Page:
I wallow. And the foot on my chest lifts.  Not forever, but for now.


  1. I so feel you. sometimes I find it so frustrating I can't put my thoughts and feelings into words... To explain to some of the "lucky" ones just how lucky they are...

    Breaks my heart our family photos won't ever be complete again. :( Thinking of you momma.

  2. Thinking of you, grateful for your honesty, heartbroken for your loss, hopeful for the tiny bit of healing you may have gained from wallowing.

    And as always, loving you.

  3. I know this resentment. I feel it too. Still. Sometimes resentment is paired with relief (a baby born healthy, alive). It's ugly and I hate that I feel it, but I do. I've called it jealously and bitterness mostly, but that's what it is. I believe that saying (writing) about the dark feelings thoughts you don't really want to admit to helps—doesn't eradicate the feelings, but doesn't let them take root as strongly, doesn't let them fester.
    I'm going to jump right into the days of gratitude and say that I'm thankful to have met you on this journey.

  4. I have commented here before how gracious you are, and that grace just emanates from this post. I can't imagine not being resentful, but yet, you are still gracious in mentioning it, in owning it.

    Peace to you, Ed and Jackson on Thanksgiving.


  5. Lots of love, Mandy, and missing your girl. I wish more than anything that you weren't without Hudson. I'm so sorry.

  6. In the fleeting moments where grief lets them in, I wish you friends and family who marvel at your courage and grace that allow you to live through your loss in the way that you need. My Allyson witnessed a soldier surprising his little girl at school the day he safely returned home. My anger at the thoughtlessness was simply resentment. It should have been should be Hudson. I love you.

  7. Happy Thanksgiving to you, Mandy. I hope you and Ed and Jackson find joy and hope this holiday and all the other ones you have to celebrate without precious Hudson.

    love, Kate Z.

  8. Mandy, I often wondered how it was that you did not feel resentment at those of us who have been lucky and not suffered such a tragic loss. I don't think you should feel bad about it--you can't help what you feel. I hope today is a better day than yesterday.

  9. ...and while you are wallowing and resenting, you manage to make all of us, the ones who are so lucky, remember to never forget. Never forget your precious daughter, and more than that: never forget how fortunate we are. You have heightened my awareness of the luck in my life, and I thank you.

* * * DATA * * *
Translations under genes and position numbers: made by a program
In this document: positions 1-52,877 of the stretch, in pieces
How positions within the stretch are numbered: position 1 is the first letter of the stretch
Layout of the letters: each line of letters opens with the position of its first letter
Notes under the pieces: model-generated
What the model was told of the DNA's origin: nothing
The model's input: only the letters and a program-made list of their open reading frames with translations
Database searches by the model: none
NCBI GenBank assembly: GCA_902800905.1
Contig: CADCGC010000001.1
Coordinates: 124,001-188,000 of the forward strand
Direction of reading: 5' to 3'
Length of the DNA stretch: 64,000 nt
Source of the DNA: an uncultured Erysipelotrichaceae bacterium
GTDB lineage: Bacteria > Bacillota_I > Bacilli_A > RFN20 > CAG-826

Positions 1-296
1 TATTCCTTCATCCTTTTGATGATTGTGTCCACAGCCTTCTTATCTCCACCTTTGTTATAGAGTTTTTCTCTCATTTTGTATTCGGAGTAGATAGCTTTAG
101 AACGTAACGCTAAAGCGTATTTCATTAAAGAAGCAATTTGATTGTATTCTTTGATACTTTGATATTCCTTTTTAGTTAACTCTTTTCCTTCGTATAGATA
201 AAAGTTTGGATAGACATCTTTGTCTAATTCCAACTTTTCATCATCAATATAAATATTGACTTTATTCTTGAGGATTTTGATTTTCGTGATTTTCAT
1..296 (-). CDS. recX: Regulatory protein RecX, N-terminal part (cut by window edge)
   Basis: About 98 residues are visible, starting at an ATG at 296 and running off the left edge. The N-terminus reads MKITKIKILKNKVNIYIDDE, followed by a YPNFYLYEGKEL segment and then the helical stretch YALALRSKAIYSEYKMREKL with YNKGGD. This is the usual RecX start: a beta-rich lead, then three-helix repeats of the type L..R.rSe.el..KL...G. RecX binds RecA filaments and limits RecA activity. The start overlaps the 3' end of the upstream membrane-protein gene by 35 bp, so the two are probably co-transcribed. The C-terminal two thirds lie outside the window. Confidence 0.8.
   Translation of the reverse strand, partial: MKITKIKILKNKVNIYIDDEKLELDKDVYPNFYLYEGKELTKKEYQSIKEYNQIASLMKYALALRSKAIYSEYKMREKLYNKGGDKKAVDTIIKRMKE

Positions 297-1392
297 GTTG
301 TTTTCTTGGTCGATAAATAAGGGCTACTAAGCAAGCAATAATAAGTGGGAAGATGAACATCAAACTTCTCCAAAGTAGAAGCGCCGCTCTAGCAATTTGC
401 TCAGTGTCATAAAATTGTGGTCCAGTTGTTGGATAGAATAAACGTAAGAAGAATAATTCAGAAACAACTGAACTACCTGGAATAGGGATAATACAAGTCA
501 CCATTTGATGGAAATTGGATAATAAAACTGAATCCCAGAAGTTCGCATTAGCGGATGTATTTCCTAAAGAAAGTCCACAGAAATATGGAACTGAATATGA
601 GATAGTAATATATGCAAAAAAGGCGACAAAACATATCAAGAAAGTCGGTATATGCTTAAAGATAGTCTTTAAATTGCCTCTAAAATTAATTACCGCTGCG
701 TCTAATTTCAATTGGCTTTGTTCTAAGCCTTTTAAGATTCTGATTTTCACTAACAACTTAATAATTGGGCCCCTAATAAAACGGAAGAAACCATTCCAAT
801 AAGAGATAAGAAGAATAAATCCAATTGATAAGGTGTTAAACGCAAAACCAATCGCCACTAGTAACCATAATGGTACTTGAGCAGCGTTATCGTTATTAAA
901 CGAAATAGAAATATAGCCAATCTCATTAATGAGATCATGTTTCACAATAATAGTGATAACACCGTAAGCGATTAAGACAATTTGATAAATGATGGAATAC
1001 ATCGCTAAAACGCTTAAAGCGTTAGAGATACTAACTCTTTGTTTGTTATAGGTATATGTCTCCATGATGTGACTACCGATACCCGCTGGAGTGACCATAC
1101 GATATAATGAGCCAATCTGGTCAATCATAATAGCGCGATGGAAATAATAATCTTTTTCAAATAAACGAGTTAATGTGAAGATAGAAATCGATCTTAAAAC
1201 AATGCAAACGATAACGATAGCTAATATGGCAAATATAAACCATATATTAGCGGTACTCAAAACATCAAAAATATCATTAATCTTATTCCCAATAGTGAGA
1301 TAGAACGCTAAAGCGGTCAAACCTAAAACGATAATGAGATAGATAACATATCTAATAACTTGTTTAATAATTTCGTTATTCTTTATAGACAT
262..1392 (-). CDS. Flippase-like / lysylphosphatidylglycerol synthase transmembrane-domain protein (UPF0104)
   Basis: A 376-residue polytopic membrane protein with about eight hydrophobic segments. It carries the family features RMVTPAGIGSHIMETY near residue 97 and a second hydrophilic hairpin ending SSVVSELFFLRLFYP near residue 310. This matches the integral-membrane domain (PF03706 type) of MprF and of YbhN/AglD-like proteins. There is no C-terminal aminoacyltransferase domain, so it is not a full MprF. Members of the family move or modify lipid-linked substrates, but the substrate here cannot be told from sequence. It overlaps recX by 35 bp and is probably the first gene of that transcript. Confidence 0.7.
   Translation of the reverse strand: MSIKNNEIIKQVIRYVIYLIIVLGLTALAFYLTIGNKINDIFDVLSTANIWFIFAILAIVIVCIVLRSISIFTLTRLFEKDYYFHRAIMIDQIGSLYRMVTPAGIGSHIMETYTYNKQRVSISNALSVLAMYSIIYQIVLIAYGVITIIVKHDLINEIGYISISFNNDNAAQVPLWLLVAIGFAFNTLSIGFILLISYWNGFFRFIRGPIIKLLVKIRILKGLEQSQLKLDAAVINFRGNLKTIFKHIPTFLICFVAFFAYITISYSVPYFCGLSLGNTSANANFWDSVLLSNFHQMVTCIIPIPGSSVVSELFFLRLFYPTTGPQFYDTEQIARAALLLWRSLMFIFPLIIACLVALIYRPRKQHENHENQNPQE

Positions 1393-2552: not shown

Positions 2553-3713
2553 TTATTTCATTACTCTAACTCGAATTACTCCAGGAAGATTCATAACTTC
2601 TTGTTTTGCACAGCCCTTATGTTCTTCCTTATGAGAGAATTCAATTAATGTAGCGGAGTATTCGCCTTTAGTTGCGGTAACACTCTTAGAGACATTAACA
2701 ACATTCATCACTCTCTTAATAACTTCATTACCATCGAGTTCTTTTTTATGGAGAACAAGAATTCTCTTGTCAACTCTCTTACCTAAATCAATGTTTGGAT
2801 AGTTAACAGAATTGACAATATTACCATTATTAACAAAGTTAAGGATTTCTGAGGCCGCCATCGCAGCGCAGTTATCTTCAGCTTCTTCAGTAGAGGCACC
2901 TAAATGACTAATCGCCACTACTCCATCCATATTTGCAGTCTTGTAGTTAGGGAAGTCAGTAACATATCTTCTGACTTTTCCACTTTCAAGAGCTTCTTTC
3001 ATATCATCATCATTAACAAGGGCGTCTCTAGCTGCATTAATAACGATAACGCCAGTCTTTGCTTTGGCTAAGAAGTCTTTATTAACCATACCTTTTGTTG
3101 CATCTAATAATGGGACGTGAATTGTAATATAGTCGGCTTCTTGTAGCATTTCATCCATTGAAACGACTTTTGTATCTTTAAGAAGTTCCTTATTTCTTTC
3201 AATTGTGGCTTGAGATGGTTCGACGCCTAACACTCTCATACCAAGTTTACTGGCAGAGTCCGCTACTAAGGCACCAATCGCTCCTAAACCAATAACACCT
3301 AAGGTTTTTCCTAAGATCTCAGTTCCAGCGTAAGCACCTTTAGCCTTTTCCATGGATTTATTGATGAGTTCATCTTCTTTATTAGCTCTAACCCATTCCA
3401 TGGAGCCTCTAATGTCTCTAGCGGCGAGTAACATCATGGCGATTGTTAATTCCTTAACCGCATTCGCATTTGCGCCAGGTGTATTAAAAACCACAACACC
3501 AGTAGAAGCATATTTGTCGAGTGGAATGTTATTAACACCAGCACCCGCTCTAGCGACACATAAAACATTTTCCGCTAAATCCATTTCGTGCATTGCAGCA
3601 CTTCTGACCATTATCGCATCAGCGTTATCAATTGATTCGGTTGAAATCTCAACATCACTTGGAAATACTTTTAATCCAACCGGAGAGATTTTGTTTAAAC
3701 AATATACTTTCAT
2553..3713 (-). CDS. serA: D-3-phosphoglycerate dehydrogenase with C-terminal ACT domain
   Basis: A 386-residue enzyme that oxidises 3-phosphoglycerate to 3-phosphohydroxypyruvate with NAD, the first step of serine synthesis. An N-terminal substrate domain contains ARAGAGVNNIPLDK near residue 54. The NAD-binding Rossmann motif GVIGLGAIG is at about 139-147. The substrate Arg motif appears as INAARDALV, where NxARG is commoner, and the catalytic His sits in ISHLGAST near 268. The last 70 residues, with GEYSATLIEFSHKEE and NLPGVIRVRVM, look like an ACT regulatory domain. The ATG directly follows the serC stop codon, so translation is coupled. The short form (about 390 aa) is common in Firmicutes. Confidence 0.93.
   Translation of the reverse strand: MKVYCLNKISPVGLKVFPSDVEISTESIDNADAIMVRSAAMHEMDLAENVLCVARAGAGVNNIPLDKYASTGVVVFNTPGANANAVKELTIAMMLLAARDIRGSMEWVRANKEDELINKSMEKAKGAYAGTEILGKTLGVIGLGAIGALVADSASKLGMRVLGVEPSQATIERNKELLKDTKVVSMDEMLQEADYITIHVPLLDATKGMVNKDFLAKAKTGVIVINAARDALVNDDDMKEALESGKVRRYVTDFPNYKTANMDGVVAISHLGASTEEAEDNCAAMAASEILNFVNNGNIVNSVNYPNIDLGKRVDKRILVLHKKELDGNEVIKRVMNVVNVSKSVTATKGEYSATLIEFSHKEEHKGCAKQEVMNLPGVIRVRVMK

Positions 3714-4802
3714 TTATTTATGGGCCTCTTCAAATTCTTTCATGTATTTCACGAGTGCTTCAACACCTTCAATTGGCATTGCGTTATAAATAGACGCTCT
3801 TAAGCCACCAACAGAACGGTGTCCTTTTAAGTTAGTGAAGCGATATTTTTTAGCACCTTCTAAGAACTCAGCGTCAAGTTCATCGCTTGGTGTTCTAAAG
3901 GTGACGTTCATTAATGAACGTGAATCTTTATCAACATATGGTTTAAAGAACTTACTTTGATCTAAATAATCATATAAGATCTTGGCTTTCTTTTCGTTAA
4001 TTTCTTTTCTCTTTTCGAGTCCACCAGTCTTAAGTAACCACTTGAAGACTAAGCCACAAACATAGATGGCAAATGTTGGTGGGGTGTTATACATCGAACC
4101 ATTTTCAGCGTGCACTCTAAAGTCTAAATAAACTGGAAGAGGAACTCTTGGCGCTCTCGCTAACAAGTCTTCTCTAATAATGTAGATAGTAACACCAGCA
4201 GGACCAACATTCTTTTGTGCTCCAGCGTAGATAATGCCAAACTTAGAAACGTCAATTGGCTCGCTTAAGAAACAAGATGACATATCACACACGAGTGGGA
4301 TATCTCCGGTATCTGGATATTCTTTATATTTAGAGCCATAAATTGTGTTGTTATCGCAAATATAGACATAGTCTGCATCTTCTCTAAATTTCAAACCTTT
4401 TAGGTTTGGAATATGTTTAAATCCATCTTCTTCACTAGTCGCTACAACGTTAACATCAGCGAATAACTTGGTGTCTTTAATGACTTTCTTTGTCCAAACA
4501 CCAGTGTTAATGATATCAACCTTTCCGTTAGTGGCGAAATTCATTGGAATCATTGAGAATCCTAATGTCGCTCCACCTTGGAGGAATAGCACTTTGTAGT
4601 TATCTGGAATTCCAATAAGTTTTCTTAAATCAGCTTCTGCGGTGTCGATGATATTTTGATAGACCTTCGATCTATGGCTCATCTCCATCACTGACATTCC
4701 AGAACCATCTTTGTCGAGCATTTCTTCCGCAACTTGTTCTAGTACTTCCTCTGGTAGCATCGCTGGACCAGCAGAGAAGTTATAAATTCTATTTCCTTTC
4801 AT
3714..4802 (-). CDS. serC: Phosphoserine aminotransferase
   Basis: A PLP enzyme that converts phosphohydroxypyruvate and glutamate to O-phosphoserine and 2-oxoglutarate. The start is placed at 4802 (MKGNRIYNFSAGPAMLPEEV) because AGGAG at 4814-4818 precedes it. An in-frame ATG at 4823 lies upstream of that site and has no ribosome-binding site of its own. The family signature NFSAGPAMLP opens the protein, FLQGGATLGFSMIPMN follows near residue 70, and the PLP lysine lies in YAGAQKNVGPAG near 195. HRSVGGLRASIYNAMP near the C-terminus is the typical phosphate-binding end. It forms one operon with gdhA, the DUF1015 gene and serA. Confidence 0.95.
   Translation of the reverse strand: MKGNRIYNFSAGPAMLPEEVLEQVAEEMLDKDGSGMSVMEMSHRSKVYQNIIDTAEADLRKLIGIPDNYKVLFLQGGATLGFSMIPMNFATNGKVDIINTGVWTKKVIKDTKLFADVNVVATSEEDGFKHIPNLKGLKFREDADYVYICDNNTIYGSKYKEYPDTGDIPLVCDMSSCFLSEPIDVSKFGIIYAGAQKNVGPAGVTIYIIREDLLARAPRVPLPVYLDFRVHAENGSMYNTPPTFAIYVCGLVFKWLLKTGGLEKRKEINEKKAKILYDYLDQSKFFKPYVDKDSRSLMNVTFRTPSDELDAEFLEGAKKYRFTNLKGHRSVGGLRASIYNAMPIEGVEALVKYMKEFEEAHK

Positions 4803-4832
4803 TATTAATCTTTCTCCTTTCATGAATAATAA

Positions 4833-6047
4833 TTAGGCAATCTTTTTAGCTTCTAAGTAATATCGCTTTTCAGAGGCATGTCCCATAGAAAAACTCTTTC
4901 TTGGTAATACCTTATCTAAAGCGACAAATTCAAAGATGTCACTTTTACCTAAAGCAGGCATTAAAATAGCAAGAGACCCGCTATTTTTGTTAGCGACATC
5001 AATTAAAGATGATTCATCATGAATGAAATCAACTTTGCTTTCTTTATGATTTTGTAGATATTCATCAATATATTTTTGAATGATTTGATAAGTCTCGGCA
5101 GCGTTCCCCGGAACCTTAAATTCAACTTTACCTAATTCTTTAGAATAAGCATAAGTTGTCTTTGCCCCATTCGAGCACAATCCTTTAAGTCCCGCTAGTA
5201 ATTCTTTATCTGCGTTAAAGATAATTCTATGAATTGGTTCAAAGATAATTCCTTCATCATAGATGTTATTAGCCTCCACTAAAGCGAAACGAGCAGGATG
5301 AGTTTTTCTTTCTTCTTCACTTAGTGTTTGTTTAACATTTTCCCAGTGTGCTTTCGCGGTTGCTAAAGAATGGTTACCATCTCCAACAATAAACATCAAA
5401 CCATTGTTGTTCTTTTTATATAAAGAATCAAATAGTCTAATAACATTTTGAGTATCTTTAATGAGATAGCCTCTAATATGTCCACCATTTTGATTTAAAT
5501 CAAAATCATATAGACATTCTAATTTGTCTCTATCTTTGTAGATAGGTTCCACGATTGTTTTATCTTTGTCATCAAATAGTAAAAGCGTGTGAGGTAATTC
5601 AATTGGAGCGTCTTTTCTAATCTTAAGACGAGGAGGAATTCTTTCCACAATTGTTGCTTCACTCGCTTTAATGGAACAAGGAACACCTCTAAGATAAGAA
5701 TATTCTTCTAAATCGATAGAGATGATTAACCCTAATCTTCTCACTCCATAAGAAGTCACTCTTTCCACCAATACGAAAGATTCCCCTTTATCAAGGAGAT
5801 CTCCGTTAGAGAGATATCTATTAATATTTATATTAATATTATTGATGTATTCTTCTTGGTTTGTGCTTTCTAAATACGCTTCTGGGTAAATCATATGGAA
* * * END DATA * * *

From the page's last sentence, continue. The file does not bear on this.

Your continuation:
I'm sorry.

  10. In the brief time I've known you, one word that continually pops up in my mind is fierce. You are a fiercely intelligent, fiercely loyal, fiercely dedicated, fiercely LOVING person.

    Adj:(of a feeling, emotion, or action) Showing a heartfelt and powerful intensity.

    That intensity cannot exist without a counterbalance - anger, fury, resentment, jealousy... to acknowledge and allow yourself to feel those couldn't be more natural or necessary.

    And hearing you say these words makes me exhale ever so slightly the breath I didn't realize I'd been holding, because I know: "I resent all of you who get to spend these days with a totally intact happy family, all of you for whom every family photo is complete, all of you who get to hug all of your children tonight before bed. I love all of you, too, but I resent you. And I’m so sorry."

    We know. And you continue to be a fiercely powerful force in all our lives.


  11. Mandy,
    Another eloquent and accurate description of yet another other of the very uncomfortable emotions that grief brings.

    Again, thanks for your writing.

  12. Mandy, those feelings like jealousy and resentment can sure add insult to injury with the guilt that accompanies them. In my experience, shame and guilt can be just as distressing as the jealousy or resentment itself, and I have found that sometimes simply acknowledging them either to myself or out loud to a loved one can take the power away and alleviate some of the weight. I'm sorry you had to experience another holiday without Hudson.

  13. You are so honest, Mandy. And so gracious to let us into your world of grief. I am so sorry you have to wallow, and yet, glad that it lifts the foot, if just for a time.